We know today that all without exception were ruthless lies and the result of ignoble motives, immoral purposes and self-deception. Significantly, it was always the leaders of the most powerful states, the ones most advanced in military technology, who took it for granted that eternal wisdom and utmost humanity went hand in hand with power. They believed that their concept of a better world then had to be imposed - indeed even that failing to impose it would had been highly immoral and unjust. Thinkers who opposed those attitudes were marginalised since the reigning power had their own thinkers, their own philosophers, own writers, own wise men, own elite.
And so it went on. In short, there were many common features to distinguish aggressive states that probably could be recognised should they appear again today. Yet absurd as it may be, in the past, they were seldom identified in time by large sections of the populations. Why, I do not know. Perhaps it was because they were never exactly the same, born in different times and different places, in different cultural environments; and in spite of this, they all displayed these similar features.
Above or Beyond the Law There is in particular one feature, so systematically present, so well represented, that always followed sometimes long periods of maturation of those so characteristic and yet atypical and unrecognisable ideological traits that I mention, which is so strong that its appearance should by itself be able to wake up the most somnolent from their deadly dreams: THEY (the states i.e., their leaders) always put themselves above the law, violating their own laws, the laws of other countries, agreements between states, treaties, international conventions. Always. In the earlier times those were not the laws in narrow sense but rather customs or frequently unwritten agreements. In the twentieth century the laws par excellence, just borne to assure everlasting peace, were violated. To do this, very strong reasons were given, always, without exception. The essence of all reasons was that fulfilment of essential human duties had to overcome humanly made, imperfect laws. THEY would promote first an untenable thesis that violence could be combated by equal or even greater violence. To achieve their ultimate goals, THEY had to turn upside down the famous Greek argument of the justice beyond the law, justice emanating out of human categorical imperatives, a priory knowledge of right and wrong, our ideal of justice. (Antigones' refusal not to bury the body of her brother and to let it be torn apart by animals; she was convinced that the universal law is higher than human made laws and that such a vicious act could not be let happen). The ancient Greeks knew that laws couldn't entail the entire human moral intuition. They knew that we may, in the rare cases, in order to fulfil that ideal of justice - the laws steam to and just fall short of - and go beyond the law, but only to forgive and to pardon. What a tyrants would do is that they would either virtually apply the law but exceeding what it prescribes, or go above it and violate it (for the "higher" cause!) punishing more, oppressing more, destroying and killing, and this makes the "fine" difference of the moral and immoral. Here is the famous passage form Sophocles" "Antigone".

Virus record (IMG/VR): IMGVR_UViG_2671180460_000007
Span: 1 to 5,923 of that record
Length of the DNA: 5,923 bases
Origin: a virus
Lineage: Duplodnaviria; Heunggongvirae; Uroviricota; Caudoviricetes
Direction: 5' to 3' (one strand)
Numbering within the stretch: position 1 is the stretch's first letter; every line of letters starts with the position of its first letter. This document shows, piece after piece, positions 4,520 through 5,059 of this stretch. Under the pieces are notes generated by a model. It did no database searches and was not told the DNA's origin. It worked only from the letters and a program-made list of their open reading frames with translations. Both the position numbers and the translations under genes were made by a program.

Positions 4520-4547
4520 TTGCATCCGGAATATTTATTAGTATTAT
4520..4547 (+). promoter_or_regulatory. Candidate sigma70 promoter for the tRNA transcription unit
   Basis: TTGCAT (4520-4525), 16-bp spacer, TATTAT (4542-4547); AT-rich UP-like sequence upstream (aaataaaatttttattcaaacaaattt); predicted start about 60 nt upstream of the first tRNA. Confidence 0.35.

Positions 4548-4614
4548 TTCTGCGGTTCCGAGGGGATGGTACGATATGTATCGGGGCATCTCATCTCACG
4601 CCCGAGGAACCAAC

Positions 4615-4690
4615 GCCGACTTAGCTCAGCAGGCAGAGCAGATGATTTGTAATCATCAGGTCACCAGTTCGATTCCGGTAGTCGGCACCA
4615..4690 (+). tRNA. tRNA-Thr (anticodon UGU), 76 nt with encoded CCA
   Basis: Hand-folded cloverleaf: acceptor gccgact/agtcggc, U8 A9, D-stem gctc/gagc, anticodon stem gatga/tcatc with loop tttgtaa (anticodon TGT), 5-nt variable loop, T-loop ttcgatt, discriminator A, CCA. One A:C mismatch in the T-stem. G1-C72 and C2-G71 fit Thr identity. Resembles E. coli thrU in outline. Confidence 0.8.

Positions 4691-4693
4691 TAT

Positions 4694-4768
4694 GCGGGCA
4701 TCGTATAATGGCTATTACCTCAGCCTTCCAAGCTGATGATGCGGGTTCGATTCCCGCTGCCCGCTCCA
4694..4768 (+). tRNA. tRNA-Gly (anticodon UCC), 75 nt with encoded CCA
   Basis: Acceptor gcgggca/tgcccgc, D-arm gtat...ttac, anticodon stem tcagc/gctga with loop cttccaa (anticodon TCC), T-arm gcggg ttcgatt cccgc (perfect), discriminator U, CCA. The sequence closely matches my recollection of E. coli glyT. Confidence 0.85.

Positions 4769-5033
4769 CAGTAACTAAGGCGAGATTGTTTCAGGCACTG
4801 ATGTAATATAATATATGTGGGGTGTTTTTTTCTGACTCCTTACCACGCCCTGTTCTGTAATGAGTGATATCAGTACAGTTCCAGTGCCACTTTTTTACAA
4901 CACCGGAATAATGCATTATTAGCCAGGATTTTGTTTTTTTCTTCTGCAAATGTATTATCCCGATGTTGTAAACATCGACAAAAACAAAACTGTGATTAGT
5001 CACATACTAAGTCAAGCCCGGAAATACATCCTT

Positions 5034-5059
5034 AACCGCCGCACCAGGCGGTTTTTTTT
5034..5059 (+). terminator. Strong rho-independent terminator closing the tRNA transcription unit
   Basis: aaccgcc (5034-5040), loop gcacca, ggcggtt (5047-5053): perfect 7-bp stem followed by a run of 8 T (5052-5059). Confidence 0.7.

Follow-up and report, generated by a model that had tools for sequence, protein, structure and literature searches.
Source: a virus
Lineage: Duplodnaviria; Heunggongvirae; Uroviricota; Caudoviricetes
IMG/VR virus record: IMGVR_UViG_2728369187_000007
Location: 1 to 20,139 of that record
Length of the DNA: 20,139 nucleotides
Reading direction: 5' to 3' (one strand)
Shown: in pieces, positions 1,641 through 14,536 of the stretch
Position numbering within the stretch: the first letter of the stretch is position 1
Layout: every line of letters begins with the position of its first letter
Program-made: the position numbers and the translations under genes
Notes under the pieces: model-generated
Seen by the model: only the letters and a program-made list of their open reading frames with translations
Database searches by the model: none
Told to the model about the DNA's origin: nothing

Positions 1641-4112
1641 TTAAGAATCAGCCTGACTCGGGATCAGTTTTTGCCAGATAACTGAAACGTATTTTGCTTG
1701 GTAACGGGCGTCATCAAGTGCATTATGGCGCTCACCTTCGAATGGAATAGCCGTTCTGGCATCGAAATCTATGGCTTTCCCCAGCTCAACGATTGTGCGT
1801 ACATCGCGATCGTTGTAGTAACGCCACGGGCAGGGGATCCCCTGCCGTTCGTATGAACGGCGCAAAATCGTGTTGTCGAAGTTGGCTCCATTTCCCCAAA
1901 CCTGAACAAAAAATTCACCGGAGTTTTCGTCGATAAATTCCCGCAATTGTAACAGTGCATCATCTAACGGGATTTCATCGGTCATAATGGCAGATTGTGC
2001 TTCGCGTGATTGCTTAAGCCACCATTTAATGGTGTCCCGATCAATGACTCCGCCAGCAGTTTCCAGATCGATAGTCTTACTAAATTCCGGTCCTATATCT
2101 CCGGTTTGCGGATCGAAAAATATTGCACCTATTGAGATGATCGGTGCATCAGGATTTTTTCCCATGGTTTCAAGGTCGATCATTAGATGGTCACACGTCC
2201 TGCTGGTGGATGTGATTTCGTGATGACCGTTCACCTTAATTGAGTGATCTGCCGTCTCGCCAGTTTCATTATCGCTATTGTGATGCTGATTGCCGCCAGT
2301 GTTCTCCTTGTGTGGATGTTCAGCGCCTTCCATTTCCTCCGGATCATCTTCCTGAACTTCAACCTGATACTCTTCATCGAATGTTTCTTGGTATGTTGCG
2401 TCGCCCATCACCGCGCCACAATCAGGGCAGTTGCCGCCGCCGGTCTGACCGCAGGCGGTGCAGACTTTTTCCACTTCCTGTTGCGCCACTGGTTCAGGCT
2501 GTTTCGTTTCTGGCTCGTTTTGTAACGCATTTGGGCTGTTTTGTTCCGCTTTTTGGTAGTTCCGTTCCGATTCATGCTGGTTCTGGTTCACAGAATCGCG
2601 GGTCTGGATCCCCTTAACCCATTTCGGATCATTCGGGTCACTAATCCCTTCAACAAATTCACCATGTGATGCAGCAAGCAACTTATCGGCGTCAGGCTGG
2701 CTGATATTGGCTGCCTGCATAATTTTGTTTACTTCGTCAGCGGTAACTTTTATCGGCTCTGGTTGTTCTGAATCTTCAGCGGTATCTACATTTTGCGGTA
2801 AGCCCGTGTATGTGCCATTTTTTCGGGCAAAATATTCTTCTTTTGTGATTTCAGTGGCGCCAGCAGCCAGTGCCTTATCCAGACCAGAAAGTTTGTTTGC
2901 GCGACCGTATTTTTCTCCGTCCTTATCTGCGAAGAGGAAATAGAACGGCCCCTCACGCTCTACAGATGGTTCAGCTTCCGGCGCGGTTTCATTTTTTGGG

CREON. And thou didst indeed dare to transgress that law?